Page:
Controversial Proposal to Divest From Israel Declined by City Council

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The City Council last night rejected a controversial "Crisis in the Middle East" proposal, even after stripping out its most contentious element-the city's divestment from and boycott of Israel.

Speaking over the din of a few hundred chanting protesters outside the Old City Hall, council members quickly removed the divestment and boycott language from the proposal brought before the council by the city's Peace and Justice Commission.

Even then, the council voted down what remained-a largely symbolic statement encouraging peace and opposing the sale of weapons by the United States to any nation that would use them against citizens.

"There's no sense dividing this city," said Mayor Shirley Dean. "There's no sense dividing up into warring camps."

The council rejected the proposal on a 4-3 vote, with two abstaining.

The council chambers were overflowing with residents eager to hear the council's decision and voice their opinions. Berkeley fire and police officials regulated entrance to the chambers, filled to capacity, requiring many to wait in the building's lobby for a chance to sit before the council.

Word of the vote on the resolution quickly spread from the packed council chambers to the crowded steps outside, where two flag-waving throngs of pro-Israeli and pro-Palestinian demonstrators faced off across a line of Berkeley police officers carrying riot gear. The demonstrators were led by UC Berkeley students who are no strangers to stand-offs on the Middle East crisis.

The pro-Israeli demonstrators erupted into victorious chants and dances after the council cast their vote.

"I'm very happy," said UC Berkeley alumnus Elon Joelson. "I expected a lot of virulent anti-Israel rhetoric, and that's what I got."

The pro-Palestinian crowd initially turned somber, but it quickly began to send back defiant counter-chants.

"They all know that they are 100 percent wrong," said demonstrator Walid Ayesh. "We know the truth because we know what happened in Palestine."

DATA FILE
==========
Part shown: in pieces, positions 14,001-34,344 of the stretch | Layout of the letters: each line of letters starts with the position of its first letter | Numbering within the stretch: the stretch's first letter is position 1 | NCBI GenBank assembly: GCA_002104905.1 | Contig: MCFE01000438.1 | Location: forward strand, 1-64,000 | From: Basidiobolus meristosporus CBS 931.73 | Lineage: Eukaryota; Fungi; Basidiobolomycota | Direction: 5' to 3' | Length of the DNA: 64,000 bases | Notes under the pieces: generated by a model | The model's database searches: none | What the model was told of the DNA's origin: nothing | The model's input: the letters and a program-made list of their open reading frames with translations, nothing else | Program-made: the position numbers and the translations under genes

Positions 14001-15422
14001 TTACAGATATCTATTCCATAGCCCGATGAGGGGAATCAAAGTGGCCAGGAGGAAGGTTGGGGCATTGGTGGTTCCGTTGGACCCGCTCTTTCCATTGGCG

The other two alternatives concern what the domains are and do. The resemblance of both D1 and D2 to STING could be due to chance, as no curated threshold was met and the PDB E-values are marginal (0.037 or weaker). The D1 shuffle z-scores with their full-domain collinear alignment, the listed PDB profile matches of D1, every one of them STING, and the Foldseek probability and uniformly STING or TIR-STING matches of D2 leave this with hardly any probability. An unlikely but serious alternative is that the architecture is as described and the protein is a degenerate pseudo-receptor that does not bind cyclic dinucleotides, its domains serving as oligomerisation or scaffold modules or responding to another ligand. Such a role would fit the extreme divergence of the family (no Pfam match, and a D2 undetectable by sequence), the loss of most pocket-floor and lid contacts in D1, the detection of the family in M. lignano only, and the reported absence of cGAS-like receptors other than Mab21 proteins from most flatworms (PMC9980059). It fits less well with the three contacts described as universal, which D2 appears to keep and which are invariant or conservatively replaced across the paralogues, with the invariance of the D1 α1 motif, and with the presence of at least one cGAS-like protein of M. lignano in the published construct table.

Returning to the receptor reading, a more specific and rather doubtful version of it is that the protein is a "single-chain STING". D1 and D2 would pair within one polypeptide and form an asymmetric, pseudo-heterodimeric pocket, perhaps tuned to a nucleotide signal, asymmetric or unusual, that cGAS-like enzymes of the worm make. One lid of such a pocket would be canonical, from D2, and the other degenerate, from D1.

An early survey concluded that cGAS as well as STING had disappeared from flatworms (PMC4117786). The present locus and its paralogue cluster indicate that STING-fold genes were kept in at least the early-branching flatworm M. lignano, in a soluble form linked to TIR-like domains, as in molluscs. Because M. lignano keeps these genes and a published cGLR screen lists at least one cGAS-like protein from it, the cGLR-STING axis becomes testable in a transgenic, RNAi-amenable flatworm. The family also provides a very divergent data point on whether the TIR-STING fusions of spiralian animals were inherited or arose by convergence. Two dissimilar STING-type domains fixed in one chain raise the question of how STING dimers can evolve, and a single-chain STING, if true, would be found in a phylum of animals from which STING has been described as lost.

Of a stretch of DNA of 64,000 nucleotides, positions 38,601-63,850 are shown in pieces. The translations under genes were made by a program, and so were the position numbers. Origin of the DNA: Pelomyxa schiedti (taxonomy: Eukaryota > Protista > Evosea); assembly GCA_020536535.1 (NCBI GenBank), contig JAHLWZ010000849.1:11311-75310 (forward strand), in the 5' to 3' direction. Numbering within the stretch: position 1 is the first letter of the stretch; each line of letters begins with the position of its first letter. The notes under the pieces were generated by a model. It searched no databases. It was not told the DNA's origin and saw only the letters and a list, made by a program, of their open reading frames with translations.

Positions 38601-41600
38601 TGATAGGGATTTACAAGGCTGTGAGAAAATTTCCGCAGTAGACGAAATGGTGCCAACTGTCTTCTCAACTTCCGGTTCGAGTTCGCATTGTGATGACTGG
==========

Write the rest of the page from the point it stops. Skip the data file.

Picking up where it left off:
Despite the tense atmosphere, the demonstration did not escalate beyond verbal confrontation.

The resolution was bogged down in fine points of procedure. While it was clear no council member was prepared to vote for divestment, the council was uncertain as to how to proceed with the symbolic portion of the proposal.

Because of the council's propensity to discuss every detail of even the smallest issue, council members used an egg timer provided by Councilmember Betty Olds to limit themselves to five minutes each.

Olds was the proposal's most ardent opponent, calling it "anti-Semitic."

"Let's call it what it is," Olds said. "I'm not going to dignify this resolution (by suggesting changes to it)."

Others argued for sending the proposal back to the Peace and Justice Commission, which drafted the proposal.

Councilmember Kriss Worthing-ton urged the council not to pass a watered-down version of the proposal but rather to send it back to the commission "so they can do their job."

Still others on the council rejected the proposal outright on the often-argued grounds that the council should not meddle in foreign policy.

"I just don't think the Berkeley City Council has a role in messing up what already is the most messed up situation of my lifetime," said Councilmember Polly Armstrong, who abstained from the vote.

But Councilmember Maudelle Shirek argued the resolution was the business of the council because "the resources going for the war are taken from our schools and health care."

The original proposal called for a boycott of all products made in Israel and all companies doing business with the country. The commission provided the council with a list of 383 companies falling under this category.


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